Magazine article The Exceptional Parent

Tackling the Transition: How Do You Prepare Your Child (and You!) for His or Her Foray into the Adult World?

Magazine article The Exceptional Parent

Tackling the Transition: How Do You Prepare Your Child (and You!) for His or Her Foray into the Adult World?

Article excerpt

Programs like the Workforce Recruitment Program for College Students with Disabilities (WRP) and Pathways Programs for Students and Recent Graduates offer cutting-edge internships and jobs. State and federal governments also provide funding for work preparation and employment experiences for youth with disabilities.

When your child is born, you envision the various stages of his or her life: a carefree childhood; a trying, but rewarding adolescence; capped off with a successful, independent adulthood. Everything you do as a parent prepares for and contributes to these stages in some way. Despite your best efforts and intentions, the process is inevitably rife with challenges. One of the biggest challenges--especially for caregivers of children with special healthcare needs--is the transition from youth to adulthood.

In fact, only 40% of youth with special healthcare needs in the U.S. receive the services necessary to make transitions to adult healthcare, work, and independence. This proportion is even lower among youth who are Hispanic or Black, with family incomes below 200% of poverty, and who are uninsured or publicly insured. In addition, males are less likely than females to transition successfully. (1)

What does it take to be prepared? It requires that you and your child stay informed, be proactive, and communicate with one another. Support for your child from you, your family, friends, and organizations sympathetic to your needs will also help facilitate the change.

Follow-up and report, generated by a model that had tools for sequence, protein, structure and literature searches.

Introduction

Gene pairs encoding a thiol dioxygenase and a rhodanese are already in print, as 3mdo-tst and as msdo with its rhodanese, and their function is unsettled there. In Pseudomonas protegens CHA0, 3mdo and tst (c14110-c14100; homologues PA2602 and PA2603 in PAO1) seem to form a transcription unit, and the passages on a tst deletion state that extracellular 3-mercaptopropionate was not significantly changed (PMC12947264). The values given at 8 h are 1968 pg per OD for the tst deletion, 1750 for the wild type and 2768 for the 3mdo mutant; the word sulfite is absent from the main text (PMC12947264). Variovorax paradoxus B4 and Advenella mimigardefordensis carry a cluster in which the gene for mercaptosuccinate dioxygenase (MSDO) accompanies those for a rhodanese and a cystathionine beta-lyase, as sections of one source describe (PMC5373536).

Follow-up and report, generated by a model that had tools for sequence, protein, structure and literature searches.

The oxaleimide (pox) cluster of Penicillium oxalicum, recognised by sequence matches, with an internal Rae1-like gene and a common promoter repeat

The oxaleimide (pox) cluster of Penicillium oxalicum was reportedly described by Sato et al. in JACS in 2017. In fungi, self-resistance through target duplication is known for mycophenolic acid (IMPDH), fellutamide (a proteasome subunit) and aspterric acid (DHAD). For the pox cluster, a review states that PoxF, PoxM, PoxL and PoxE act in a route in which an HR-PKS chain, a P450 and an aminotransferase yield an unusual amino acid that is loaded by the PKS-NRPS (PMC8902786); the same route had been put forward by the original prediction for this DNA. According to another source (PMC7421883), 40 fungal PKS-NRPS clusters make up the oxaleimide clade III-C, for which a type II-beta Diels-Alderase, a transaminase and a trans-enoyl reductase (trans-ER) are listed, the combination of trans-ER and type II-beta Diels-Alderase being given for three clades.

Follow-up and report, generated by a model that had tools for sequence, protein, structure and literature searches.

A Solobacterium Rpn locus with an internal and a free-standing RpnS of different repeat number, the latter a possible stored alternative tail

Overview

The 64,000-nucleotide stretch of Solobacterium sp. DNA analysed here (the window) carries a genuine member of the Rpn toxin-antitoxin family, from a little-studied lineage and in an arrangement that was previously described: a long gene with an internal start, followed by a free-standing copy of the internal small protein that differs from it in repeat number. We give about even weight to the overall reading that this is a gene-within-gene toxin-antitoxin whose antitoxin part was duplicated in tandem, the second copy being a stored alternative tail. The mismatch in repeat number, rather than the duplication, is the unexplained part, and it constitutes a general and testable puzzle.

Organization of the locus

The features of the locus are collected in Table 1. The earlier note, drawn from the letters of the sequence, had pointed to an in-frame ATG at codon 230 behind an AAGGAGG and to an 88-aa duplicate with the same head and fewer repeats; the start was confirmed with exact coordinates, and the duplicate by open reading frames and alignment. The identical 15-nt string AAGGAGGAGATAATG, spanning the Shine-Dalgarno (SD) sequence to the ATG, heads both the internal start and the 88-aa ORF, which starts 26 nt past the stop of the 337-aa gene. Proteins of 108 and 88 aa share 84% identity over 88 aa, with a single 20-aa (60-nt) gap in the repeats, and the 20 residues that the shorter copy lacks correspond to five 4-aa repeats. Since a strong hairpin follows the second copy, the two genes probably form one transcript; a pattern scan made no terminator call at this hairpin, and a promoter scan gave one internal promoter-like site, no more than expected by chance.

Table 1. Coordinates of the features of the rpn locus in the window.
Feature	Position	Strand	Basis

You probably have dozens of questions about how to plan for this important time. Frankly, we'd be worried if you didn't! By confronting the issues early and directly, you will be able to better prepare your child for his or her journey into adulthood and prepare yourself for your new role.

WHO should be involved in the transition process?

Your child and you will be the ultimately decision makers regarding his or her transition, but there are myriad people who may be part of the process. These include your child's health-care providers--primary care provider and specialists, pediatrician and adult care provider if one has been identified, home health nurses, mental health providers, and anyone else involved in the provision of healthcare for your child--plus teachers and employers, as well as relatives, friends, and others who participate in your child's day-to-day life and activities.

WHEN should I expect the transition to occur, and when do I begin to prepare?

Transition to adulthood is a gradual process, which every young adult handles in his or her own way. Many parents find that much of the transition process occurs between ages 14 and 22, but because every child has his or her own needs, the process may start earlier or continue longer than that timeframe. In the school setting, the Individuals with Disabilities Education Act 2004 (IDEA) requires that transition goals are specified as part of the Individualized Education Program (IEP) when a child with special healthcare needs is 16 years old (14 years old if you live in Massachusetts). (2) The U.S. Department of Health and Human Services recommends that you begin to pre-pare your child for transition even earlier, sometime between the ages of 12 and 14. Transition to adulthood is a significant event, but the transitions to middle and high school can also be complicated. It never hurts to be prepared, so as your child reaches one developmental milestone, start and continue to plan for the next ones. (3)


WHAT transitions lie ahead?

With change come new responsibilities. EDUCATION: School is where young people spend a lot of their time, learn habits and develop work ethics, skills, and expectations for their futures. (4) If your child is still in junior high or high school, he or she may need certain support and accommodations in school. If your child requires special education, then these special care needs are documented through the Individualized Education Program (IEP). …

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